Remember photosynthesis? Probably not! Plants can do one thing that no animal can do: plants can capture energy from the sun and convert that energy into compounds such as proteins, fats and carbohydrates. This is a complex conversion: plants take energy from the sun, minerals and water from the soil and gases from the atmosphere. These raw materials are converted into chemical forms of energy used for plant growth. Animals use these energy-rich compounds as a source of food and nutrition. These basic energy-rich compounds are the SOURCE of energy for all animal life on the planet, including man. Plants provide all energy that we need to live. The oxygen we need to live on Earth is coming out of green plants as a byproduct of photosynthesis. Plants are also working to prevent the erosion of our soils, thus preventing water loss into the atmosphere.
Plants are also an important source of drugs; over one fourth of all prescriptions contain a plant-derived product. Scientists are constantly screening plants in search of new compounds to combat disease.
Plants need mineral nutrients from the soil, water and atmosphere in order to maintain healthy growth and reproduction. Macronutrients include hydrogen, oxygen, and carbon as well as nitrogen, phosphorus, potassium, sulfur and calcium. If you notice on the side of any fertilizerbag, the numbers correspond to: Nitrogen is an important component of chlorophyll and proteins used to construct DNA, cell membranes and other important compounds in the cell.
Phosphorus is used in building DNA and cell development.
Potassium is used in the development of tubers, roots and other storage organs.
All these macronutrients are vital for healthy growth. The micronutrients, such as iron, copper and magnesium, are important to plant growth as well.
Higher plants begin life as a seed, which germinates and develops roots and leaves using food stored in the seed. Humans and animals take advantage of the high-quality food in seeds when they eat plants such as wheat, rice and corn. The leaves produce chlorophyll, which allows for growth and development. Once the plant reaches maturity, flower production begins. Flowers hold the sexual apparatus of the plant.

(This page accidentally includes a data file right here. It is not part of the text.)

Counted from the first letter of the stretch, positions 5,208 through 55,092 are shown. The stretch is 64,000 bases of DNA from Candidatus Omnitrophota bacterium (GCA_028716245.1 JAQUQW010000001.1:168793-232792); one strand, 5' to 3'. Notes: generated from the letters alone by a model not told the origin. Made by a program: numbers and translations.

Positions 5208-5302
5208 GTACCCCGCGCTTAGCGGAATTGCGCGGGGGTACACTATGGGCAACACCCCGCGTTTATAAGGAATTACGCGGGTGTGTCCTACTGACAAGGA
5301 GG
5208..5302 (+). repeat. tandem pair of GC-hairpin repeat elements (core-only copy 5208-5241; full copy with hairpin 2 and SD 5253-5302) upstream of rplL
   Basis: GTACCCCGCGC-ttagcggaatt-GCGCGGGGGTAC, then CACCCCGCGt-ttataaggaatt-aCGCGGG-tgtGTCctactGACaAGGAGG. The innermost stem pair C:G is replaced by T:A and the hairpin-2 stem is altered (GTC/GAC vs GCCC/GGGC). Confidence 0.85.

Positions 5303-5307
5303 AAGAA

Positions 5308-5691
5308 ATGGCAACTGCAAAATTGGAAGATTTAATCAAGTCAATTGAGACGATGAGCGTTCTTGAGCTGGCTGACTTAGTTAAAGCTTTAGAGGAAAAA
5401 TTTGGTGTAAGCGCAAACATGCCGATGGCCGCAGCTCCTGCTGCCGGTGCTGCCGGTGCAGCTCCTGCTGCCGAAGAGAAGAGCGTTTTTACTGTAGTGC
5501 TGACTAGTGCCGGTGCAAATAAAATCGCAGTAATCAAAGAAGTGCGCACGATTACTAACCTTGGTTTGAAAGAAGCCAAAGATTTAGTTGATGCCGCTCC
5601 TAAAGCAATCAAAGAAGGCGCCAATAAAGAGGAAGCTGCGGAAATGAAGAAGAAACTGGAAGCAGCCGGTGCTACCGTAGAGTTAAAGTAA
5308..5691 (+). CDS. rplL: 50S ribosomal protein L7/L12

Sepals: The outermost part of the flower. They cover the young bud, and are usually green.
Petals: The next layer, the petals are usually colorful and play an important role in attracting pollinators.
Stamens: Located next to the petals. The stamens are the “male” reproductive parts of the flower. They produce pollen, the fine dust like particles that will divide to form sperm cells. The tissue at the end of the stamen that holds pollen is called the anther.
Pistil: The innermost part of the flower. These are the female reproductive apparatus. The stigma, located at the tip of the pistil, is covered with a sticky substance and is the site where pollen is deposited. The stigma is held by a floral tube, the style. The ovary, at the base of the style, holds one to many ovules, which contain eggs that are undeveloped seeds.
Pollination is the transfer of pollen from the anther to the stigma. Pollen is transferred by an insect, wind, or drops of rain. Once the pollen has been deposited on a stigma, the pollen grains grow into tubes that travel down the floral tube into the ovary. The sperm cells are deposited onto the ovules. Fertilization takes place! After fertilization, the entire floral structure is transformed into a fruit, either fleshy (peach) or dry (peas). In each of the fruits, fertilized eggs develop into seeds.